The capital is also home to another of the country’s biggest teams, Atlético Madrid (t902 530 500, wclubatleticodemadrid.com; tickets from around €30, bought via the website or wservicaixa.com), who play at the Estadio Vicente Calderón in the south of the city (mPirámides). The more modest Getafe (t916 959 771, wgetafecf.com; tickets from around €30 available via wentradas.com) and Rayo Vallecano (t914 782 253, wrayovallecano.es) are both based in working-class suburbs of the city.
- Pedro Almodóvar
Business hotels apart, most of Madrid’s accommodation is pretty central. With increasing competition, many hostales and hotels have been busy upgrading their facilities and a new breed of stylish, design-conscious, medium-priced hotel has emerged. Many of the expensive hotels do special weekend offers, and prices drop substantially in August when temperatures soar towards 40°C (air-conditioning is usual and a welcome extra). You’ll notice that buildings in the more popular hotel/hostal areas often house two or three separate establishments, each on separate floors; these are generally independent of each other. One thing to bear in mind is noise; bars, clubs, traffic and roadworks all contribute to making Madrid a high-decibel city, so avoid rooms on the lower floors, or choose a place away from the nightlife if you want a bit of peace and quiet. Madrid has just one campsite, located well out of the centre, but there are two very handy backpackers’ hostels right in the heart of the city. There are accommodation services at the airport (Viajes Aira in T1, T2 and T4; 913 054 224; no fee), the Estación Sur de Autobuses, and Atocha and Chamartín train stations.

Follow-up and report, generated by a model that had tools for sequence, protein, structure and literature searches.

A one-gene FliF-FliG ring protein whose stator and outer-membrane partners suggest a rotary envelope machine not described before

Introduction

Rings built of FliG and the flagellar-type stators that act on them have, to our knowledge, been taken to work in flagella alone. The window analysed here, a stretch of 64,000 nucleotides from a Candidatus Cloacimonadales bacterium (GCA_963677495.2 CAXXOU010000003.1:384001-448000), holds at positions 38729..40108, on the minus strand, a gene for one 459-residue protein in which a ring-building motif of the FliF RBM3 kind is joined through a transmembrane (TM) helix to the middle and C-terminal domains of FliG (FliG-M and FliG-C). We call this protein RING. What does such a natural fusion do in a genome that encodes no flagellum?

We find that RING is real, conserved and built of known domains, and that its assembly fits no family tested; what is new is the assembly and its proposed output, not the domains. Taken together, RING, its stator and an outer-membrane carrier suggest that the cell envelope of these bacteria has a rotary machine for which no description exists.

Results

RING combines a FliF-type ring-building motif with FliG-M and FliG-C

If you want to be at the heart of the old town, the areas around Puerta del Sol, Plaza de Santa Ana and Plaza Mayor are the ones to go for; if you’re into nightlife, Malasaña or Chueca may also appeal; for a quieter location and a bit of class, you should opt for the Paseo del Prado, Recoletos or Salamanca areas; if you have children the areas around the parks are good options.
Madrid’s range of eating establishments is legion, and includes tapas bars, cafés, marisquerías (seafood bars) and restaurantes. At almost any of our recommendations you could happily eat your fill – money permitting – though at bars, madrileños usually eat just a tapa or share a ración of the house speciality, then move on to repeat the procedure down the road. While cafés do serve food, they are much more places to drink coffee, have a copa or caña, or read the papers. Some also act as a meeting place for the semi-formal tertulia – a kind of discussion/drinking group, popular among Madrid intellectuals of the past and revived in the 1980s.
Drinking and nightlife
Drinking and nightlife
Madrid nightlife is a pretty serious phenomenon. This is one of the few cities in Europe where you can get caught in traffic jams in the early hours of the morning when the clubbers are either going home or moving on to the dance-past-dawn discos. As with everything madrileño, there is a bewildering variety of nightlife venues. Most common are the discobares – bars of all musical and sexual persuasions, whose unifying feature is background (occasionally live) pop, rock, dance or salsa music. These get going from around 11pm and stay open routinely until 2am, as will the few quieter cocktail bars and pubs.
For discotecas, entry charges are quite common (€5–18), but tend to cover you for a first drink. Free passes can often be picked up from public relations personnel who hang around in the streets outside, in tourist offices or bars. Be aware that many discotecas are fairly ephemeral institutions and frequently only last a season before opening up somewhere else under a different name, so it’s a good idea to consult listing magazines La Guía del Ocio, Metrópoli, esMadrid or the website clubbingspain.com for the very latest information.